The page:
G. Territories. Unknown, but other ranid frogs are well known to defend breeding areas (Wells, 1977). In the Sierra Nevada, where the largest populations remain, aggregations of 2–15 adult frogs (with a maximum of 58) can be seen sunning on warm days (Bradford, 1984; Fellers, in preparation).

H. Aestivation/Avoiding Dessication. None.

I. Seasonal Migrations. See "Breeding migrations" above and Pope and Matthews (2001).

J. Torpor (Hibernation). As the temperatures drop to freezing or below (generally October–November), frogs become inactive for the winter (Zweifel, 1955; Bradford, 1983). Sierran frogs apparently spend the winter at the bottom of lakes or in rocky streams (Vredenburg and Fellers, in preparation). One study (Matthews and Pope, 1999) reports Sierran frogs overwintering in rock crevices, but this behavior may be in response to the presence of introduced fish (see "Interspecific Associations/Exclusions" below).

Because most Sierran mountain yellow-legged frogs overwinter in lakes, they require lakes that do not freeze to the bottom (> 1.7 m deep and preferably > 2.5 m deep; Bradford, 1983). In the Sierra Nevada, tadpoles seem better able to survive long winters than juvenile and adult frogs (Bradford, 1983). In 1978, winterkill was responsible for the mortality of all but one Sierran adult in 21 of 26 lakes, while tadpoles survived in all 26 lakes (Bradford, 1983). In laboratory studies, Bradford (1983) confirmed that Sierran mountain yellow-legged tadpoles have a greater tolerance of hypoxia and a reduced consumption of energy and oxygen during hibernation when compared to metamorphosed individuals (juveniles and adults).

In the Sierra Nevada, adults emerge as soon as the ponds and lakes begin to thaw and ice is clear from at least part of the water surface. As with Yosemite toads (Bufo canorus), adults sometimes travel over snow to reach preferred breeding sites early in the season. In years with particularly cold winters, high elevation populations (> 3,000 m) of Sierran mountain yellow-legged frogs may only be active for 90 d during the warmest part of the summer (V.V., personal observations).

K. Interspecific Associations/Exclusions. The native habitat for Sierran populations of mountain yellow-legged frogs is almost entirely outside the range of native fish (Knapp, 1996). This is largely due to the presence of impassable waterfalls in nearly all the Sierran drainages (from past glaciation and uplift processes). Beginning in the late 1800s, trout were introduced to most permanent bodies of water throughout the Sierra Nevada (Knapp, 1996). Accounts of introduced trout eating Sierran mountain yellow-legged frogs go back many years (Grinnell and Storer, 1924; Needham and Vestal, 1938), yet introductions of trout continue throughout much of the Sierran Range (Knapp, 1996). Sierran mountain yellow-legged frogs are found in substantially lower densities in ponds and lakes with trout compared with similar habitats that lack fish (Grinnell and Storer, 1924; Bradford, 1989), and those places of co-occurrence probably represent sink populations of frogs (Bradford, 1989; V.V., in preparation). A recent survey of Sierra Nevada sites comparing 669 bodies of water in U.S. Forest Service land (where fish are still routinely introduced) to 1,059 in National Park Service land (where fish introductions ceased in 1977) showed a dramatic difference in the occurrence of mountain yellow-legged frogs in the two areas (3% and 20%, respectively; Knapp and Matthews, 2000).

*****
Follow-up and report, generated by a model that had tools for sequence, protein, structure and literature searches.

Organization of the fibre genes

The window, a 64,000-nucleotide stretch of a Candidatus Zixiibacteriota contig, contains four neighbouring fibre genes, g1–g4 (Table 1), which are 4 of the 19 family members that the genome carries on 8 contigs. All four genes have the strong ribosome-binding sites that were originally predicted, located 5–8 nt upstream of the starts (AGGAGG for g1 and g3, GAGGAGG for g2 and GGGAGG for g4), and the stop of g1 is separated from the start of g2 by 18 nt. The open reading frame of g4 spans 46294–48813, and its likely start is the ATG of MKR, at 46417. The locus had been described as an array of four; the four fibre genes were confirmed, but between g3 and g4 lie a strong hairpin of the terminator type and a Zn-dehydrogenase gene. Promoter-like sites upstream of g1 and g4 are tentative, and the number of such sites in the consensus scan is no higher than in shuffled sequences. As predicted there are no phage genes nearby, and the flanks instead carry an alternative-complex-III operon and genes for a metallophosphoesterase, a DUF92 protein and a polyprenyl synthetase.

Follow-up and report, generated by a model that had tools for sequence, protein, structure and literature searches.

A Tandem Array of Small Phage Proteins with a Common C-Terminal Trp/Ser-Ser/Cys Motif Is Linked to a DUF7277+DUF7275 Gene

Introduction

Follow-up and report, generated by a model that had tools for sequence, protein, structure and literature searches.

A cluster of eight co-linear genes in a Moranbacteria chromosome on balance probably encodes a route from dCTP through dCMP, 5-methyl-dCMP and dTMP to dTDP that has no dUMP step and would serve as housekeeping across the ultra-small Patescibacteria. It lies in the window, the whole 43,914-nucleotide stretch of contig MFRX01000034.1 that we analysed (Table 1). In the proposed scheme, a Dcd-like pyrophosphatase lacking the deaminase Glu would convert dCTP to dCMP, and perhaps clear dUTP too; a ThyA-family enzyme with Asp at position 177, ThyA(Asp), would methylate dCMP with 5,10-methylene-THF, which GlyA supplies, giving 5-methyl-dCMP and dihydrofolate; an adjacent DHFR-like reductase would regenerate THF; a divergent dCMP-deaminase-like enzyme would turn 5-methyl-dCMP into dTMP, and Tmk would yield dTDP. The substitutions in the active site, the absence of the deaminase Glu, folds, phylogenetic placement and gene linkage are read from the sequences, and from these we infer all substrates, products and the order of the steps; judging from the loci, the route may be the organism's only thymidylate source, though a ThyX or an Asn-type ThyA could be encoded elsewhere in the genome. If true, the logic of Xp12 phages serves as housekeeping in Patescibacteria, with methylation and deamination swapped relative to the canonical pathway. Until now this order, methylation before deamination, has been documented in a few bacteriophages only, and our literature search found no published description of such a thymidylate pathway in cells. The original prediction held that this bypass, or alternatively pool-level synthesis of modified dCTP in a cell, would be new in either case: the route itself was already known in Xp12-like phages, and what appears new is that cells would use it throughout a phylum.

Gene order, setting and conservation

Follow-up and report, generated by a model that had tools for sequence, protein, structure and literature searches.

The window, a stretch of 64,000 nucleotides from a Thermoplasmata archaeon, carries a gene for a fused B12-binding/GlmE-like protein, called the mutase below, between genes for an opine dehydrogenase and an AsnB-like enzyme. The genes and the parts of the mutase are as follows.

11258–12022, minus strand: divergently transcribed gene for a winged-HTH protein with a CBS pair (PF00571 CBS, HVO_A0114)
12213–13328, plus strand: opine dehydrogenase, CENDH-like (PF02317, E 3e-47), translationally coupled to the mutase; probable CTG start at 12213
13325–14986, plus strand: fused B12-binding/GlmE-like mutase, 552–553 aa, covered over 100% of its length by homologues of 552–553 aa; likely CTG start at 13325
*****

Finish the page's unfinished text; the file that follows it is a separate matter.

Little is known about the effect of introduced trout on southern California populations of mountain yellow-legged frogs. It is clear that trout are playing a substantial role in the declines of Sierran populations; however, there may be multiple explanations. For example, frogs from an entire Sierra Nevada watershed went extinct in an area where trout were never introduced (27 locations; Bradford, 1991).

In a single drainage in the northernmost part of the Sierran range, mountain yellow-legged frogs historically occurred sympatrically with Cascade frogs (Rana cascadae) and foothill yellow-legged frogs (Rana boylii; Zweifel, 1955). More recently, Stebbins and Cohen (1995) report that all three species of frogs have disappeared from that area; there are now no known sites where all three of these congeners occur together.